Reshaping health care with AI innovations

health care executives learning
health care executives learning
On June 12, WatSPEED convened senior health care leaders and executives to explore the transformational potential of artificial intelligence (AI) in enhancing Canadian health care services.

Offered as part of WatSPEED’s executive program, , the full-day event, which was hosted in collaboration with Tata Consultancy Services (TCS), focused on the critical implications of AI innovation in health care and AI’s potential applications now and in the future.

WatSPEED partnered with University of Waterloo subject matter experts to discuss the most pressing issues facing Canadian health leaders. John Hirdes, professor of Public Health Sciences, Jol Blit, chair of the Council of Innovation Policy, Catherine Burns, associate vice president, Health Initiatives, and Jimmy Lin, co-director of Waterloo.AI were joined by guest speakers from industry - including The Canadian Institute for Health Information, TCS, Cobionix, and BlueDot.

"The introduction of AI-based technologies in health care is not like going from typewriters to personal computers. It’s much more dramatic and will permeate everything in our health care system," said Hirdes, who is also a member of the Order of Canada and program lead for Leveraging AI to Improve Health Care in Canada. "AI is transformative and senior health leaders and executives need to think about how to leverage AI to lead change in Canada’s health care system."

Throughout the day, participants heard how AI could address system pressures, cost escalations, professional shortages and the challenges of an aging population. Insights highlighted the opportunities AI presents for improving patient outcomes, enhancing efficiency for providers and ensuring equitable access to health care services. Discussions also covered a broad range of topics from the ethical implications to the human-centric impacts of AI adoption.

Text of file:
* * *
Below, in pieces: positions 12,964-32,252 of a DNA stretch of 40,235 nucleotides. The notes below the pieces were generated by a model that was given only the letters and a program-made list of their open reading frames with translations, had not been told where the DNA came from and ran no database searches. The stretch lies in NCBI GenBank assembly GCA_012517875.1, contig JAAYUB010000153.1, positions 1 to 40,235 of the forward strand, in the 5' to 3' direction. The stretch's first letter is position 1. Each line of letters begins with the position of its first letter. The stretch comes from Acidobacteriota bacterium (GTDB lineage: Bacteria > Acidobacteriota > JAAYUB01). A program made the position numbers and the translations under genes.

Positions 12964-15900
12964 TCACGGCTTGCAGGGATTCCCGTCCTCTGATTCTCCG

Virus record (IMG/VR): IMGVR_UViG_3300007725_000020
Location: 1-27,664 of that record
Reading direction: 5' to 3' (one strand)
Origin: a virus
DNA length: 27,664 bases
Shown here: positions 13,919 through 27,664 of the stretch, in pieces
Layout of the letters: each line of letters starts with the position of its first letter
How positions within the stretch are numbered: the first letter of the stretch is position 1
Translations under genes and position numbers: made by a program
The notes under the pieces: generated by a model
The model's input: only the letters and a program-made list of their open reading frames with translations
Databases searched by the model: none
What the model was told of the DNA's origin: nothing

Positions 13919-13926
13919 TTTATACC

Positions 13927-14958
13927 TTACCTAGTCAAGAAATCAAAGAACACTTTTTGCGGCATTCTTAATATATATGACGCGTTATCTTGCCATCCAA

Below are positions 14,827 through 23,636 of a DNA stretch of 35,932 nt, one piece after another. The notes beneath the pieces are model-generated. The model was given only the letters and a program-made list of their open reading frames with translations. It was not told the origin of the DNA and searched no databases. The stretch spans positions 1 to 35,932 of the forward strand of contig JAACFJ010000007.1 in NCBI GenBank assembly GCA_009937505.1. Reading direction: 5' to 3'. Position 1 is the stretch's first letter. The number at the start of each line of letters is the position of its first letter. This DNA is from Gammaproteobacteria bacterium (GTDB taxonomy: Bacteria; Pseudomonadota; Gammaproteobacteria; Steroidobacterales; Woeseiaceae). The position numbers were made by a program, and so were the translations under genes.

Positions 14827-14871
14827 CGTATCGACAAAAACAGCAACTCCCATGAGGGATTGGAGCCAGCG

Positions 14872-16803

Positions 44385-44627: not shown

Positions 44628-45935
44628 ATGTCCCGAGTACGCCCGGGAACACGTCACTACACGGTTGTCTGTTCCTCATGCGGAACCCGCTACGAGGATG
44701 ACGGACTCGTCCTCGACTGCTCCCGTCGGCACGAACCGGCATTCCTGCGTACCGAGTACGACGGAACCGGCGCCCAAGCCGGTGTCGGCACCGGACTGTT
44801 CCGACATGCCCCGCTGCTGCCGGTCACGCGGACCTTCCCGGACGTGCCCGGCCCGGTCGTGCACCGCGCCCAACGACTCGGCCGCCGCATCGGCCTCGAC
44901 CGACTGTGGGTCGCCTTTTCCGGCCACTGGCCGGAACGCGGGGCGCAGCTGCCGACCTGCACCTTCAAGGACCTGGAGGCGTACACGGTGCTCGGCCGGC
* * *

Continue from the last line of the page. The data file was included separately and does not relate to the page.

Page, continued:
"At the end of the day, the success of AI adoption will be about the interface between what the technology can enable and the actual human beings who will do something with the technology," said Mark Weber, special advisor to the provost on leadership strategy and development. "Success will hinge on effective leadership in the face of the unavoidable challenges."

The event was a catalyst for action among Canada’s health care leadership, equipping them with strategies and insights to effectively harness AI for the betterment of health care services nationwide. Waterloo researchers and entrepreneurs are driving health innovation in Canada, committed to leading discussions on the intersection of technology and health care.
Emma Pavlovich